Friday 10 February 2012

Editors: necessary or annoying?

One upon a time... before computers, computer speak/spelling, and SMSing, written language was formal - with grammar, spelling and punctuation conforming to its dictates.  Literary prose and poetry, however,  often broke the rules for the sake of rhythm, emphasis, and that wonderfully unique phenomenon - style. And there was something, too, about pacing back in that pre-computer era AND comprehension: readers, it was assumed, could retain what they had read in the preceding chapter and could savour a slow, even (God forbid) subtle exposition.
Writers like Virginia Woolf, (who wrote great slabs in parentheses,  spayed words across the page like bullets; or drawled them, creating a timeless, dream-like trail of subconscious thoughts and impressions) would have a hard time in the hands of the modern publishing editor.
My writing doesn't come close to that of Virginia's, but my experience with editors so far, has been somewhat confounding. Their first assumption is that they represent the reader - a mighty big assumption- and as such must make the work in front of them, palatable, digestible even. The reader, it is assumed, must be told everything in the first 5 mins - there has to be a hook - the reader won't wait for a slow exposition: the characters need to be defined swiftly and their connections made clear at the outset. Keeping a juicy titbit up the sleeve might startle the reader, who apparently would have felt safer to have known about it earlier.  Chapters need to force a page turn, otherwise the reader might put the book down.
(I've been putting James Joyce down since I was a girl and am still managing to pick him up.)
"Finding Artemisia-a journey into ancient women's business," is at the line edit stage. Dramatic structure has been established, characters developed and inane editorial questions answered. Now the editors are battling commas (before 'and' or 'but'?) colons (semi or the whole hog?) and dashes ('em' or 'en'?) and I humbly await their verdict.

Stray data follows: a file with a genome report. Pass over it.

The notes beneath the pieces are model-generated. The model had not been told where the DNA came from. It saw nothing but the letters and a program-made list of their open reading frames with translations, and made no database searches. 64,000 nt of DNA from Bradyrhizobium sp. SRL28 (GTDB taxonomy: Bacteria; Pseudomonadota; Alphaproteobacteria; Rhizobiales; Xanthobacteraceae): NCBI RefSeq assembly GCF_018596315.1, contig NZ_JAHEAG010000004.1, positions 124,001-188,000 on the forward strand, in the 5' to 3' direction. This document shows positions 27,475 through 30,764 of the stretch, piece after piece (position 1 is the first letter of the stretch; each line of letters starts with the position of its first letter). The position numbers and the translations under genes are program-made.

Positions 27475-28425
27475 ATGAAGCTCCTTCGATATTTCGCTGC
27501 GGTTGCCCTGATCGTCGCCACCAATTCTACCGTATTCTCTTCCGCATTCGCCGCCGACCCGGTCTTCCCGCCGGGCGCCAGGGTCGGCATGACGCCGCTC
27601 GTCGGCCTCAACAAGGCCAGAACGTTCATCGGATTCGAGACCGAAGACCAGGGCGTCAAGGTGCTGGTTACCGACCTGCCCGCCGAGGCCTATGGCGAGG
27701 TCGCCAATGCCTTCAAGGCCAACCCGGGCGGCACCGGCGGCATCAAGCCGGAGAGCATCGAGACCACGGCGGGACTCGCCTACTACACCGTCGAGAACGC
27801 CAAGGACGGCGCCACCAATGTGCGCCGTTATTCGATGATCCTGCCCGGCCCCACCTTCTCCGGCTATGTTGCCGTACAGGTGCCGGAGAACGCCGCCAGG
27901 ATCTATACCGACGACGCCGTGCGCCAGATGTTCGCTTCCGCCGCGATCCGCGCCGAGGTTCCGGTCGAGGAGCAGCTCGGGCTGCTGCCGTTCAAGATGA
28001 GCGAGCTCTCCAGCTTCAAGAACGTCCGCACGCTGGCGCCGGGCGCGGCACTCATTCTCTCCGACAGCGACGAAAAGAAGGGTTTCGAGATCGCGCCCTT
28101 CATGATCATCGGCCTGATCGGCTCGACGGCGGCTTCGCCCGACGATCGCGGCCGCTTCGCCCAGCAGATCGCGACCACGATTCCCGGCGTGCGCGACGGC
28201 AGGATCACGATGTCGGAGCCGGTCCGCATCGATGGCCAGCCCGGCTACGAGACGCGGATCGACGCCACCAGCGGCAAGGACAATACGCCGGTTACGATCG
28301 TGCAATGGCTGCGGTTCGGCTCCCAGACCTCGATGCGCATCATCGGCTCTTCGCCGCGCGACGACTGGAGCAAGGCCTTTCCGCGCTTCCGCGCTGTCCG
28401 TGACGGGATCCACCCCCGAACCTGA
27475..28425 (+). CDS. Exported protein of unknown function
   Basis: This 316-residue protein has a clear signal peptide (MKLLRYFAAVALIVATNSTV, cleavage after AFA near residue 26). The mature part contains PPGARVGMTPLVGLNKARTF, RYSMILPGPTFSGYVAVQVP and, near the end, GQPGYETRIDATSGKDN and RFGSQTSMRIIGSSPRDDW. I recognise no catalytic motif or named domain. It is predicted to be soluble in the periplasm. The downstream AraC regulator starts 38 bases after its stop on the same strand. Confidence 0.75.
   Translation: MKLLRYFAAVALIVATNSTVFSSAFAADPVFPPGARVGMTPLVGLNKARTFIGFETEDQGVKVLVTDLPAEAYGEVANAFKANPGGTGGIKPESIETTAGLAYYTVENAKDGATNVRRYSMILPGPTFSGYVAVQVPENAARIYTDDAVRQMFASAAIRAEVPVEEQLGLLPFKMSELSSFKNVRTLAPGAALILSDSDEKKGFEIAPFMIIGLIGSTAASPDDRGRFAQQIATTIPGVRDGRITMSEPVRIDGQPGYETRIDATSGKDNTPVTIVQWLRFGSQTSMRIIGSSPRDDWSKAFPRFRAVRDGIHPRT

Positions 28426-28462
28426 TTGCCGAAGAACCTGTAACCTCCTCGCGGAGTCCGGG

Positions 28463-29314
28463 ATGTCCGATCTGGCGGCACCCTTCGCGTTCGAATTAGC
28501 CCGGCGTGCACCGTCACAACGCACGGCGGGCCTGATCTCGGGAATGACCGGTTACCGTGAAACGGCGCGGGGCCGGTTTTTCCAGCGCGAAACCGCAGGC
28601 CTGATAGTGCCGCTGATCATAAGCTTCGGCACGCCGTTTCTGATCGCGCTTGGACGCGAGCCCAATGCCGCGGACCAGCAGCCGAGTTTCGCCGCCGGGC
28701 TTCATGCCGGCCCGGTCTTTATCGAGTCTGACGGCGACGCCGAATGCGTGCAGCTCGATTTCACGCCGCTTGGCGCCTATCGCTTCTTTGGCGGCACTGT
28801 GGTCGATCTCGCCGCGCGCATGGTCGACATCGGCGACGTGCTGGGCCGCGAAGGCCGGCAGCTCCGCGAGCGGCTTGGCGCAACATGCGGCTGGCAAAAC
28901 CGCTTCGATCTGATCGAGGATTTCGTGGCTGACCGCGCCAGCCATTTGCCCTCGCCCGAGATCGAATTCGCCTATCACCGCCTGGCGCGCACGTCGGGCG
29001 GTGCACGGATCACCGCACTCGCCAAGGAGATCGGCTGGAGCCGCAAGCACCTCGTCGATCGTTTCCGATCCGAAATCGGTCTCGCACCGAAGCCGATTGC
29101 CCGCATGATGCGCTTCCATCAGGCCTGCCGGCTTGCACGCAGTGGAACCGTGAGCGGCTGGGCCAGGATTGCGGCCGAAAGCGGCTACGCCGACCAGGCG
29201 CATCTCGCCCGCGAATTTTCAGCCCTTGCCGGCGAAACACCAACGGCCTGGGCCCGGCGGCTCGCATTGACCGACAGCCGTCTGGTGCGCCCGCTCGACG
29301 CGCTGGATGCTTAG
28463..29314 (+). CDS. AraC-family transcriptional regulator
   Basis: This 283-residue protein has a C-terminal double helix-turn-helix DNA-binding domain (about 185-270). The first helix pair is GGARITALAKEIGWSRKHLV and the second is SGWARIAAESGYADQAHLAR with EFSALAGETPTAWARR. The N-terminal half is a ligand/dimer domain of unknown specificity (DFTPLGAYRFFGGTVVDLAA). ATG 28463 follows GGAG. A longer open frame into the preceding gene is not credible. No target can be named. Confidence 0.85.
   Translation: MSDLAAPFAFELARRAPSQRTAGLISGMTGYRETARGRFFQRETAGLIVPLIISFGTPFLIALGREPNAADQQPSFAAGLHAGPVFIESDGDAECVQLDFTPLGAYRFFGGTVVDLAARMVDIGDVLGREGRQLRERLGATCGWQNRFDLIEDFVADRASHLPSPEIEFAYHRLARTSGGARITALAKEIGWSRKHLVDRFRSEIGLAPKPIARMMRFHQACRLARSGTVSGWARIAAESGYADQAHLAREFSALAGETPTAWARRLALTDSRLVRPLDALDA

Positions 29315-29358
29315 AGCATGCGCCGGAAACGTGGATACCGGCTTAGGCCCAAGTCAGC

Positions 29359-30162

Fortunately my publisher is giving me the last say on the tone, voice and style of my story, and that is comforting because it is, after all, my story and I am confident my readers will be inspired by it.
If you have an editing anecdote, please share.

Monday 6 February 2012

Breasts and pink ribbons

Check out PINK RIBBON INC on to see why I have not been able to support the PINK RIBBON campaign for breast cancer despite its success as a campaign and its popularity. As a therapist who sees people in recovery from mastectomies,  reconstructions, lymphectomies etc,  I have always felt uneasy about the light and fluffy, pseudo positive, girlish, pink campaign. If you check out the link, you will see that the original commemorative ribbon was a flesh colour, until it was grabbed by a cosmetic company. Since then the colour has been used to sell products supposedly in aid of breast cancer: but exactly which aspect of breast cancer? While billions of dollars have been raised, no-one seems to have raised the question: Why the ever increasing number of women succumbing to this insidious disease?
So let's look at some the changes in women's lifestyles during this era of rampant breast disease:1 the decline in breast feeding (corporate campaigns have made women nervous about the value of their milk; image consciousness and the belief that breasts will look worse after wear have had an effect; lack of social support for breast feeding mothers- even f/b at one point banned images of mothers "nursing" their babes) etc. 2 the increase in radiation, microwave and other aerial pollutants, 3 the increase in chemicals in food production 4 the massive increase in commercially produced food, take-out and food chains posing as restaurants, 5 the increase in alcohol consumption in women, 6 the increase in women's working hours, 7 the use of household carcinogenic chemicals, 8  the increase in radiating screens in women's lives, 9 chemical hormones for women. And that's not all.
So when diagnosed women come and see me and tell me their friends have advised them to be positive, I often think to myself...there but by the grace of the goddess go I, because as the environment becomes more and more carcinogenic, not having breast cancer may become the exception.  As for pink ribbons? Let's replace them with RED roars: save the food, save the earth, and put women and children before corporations!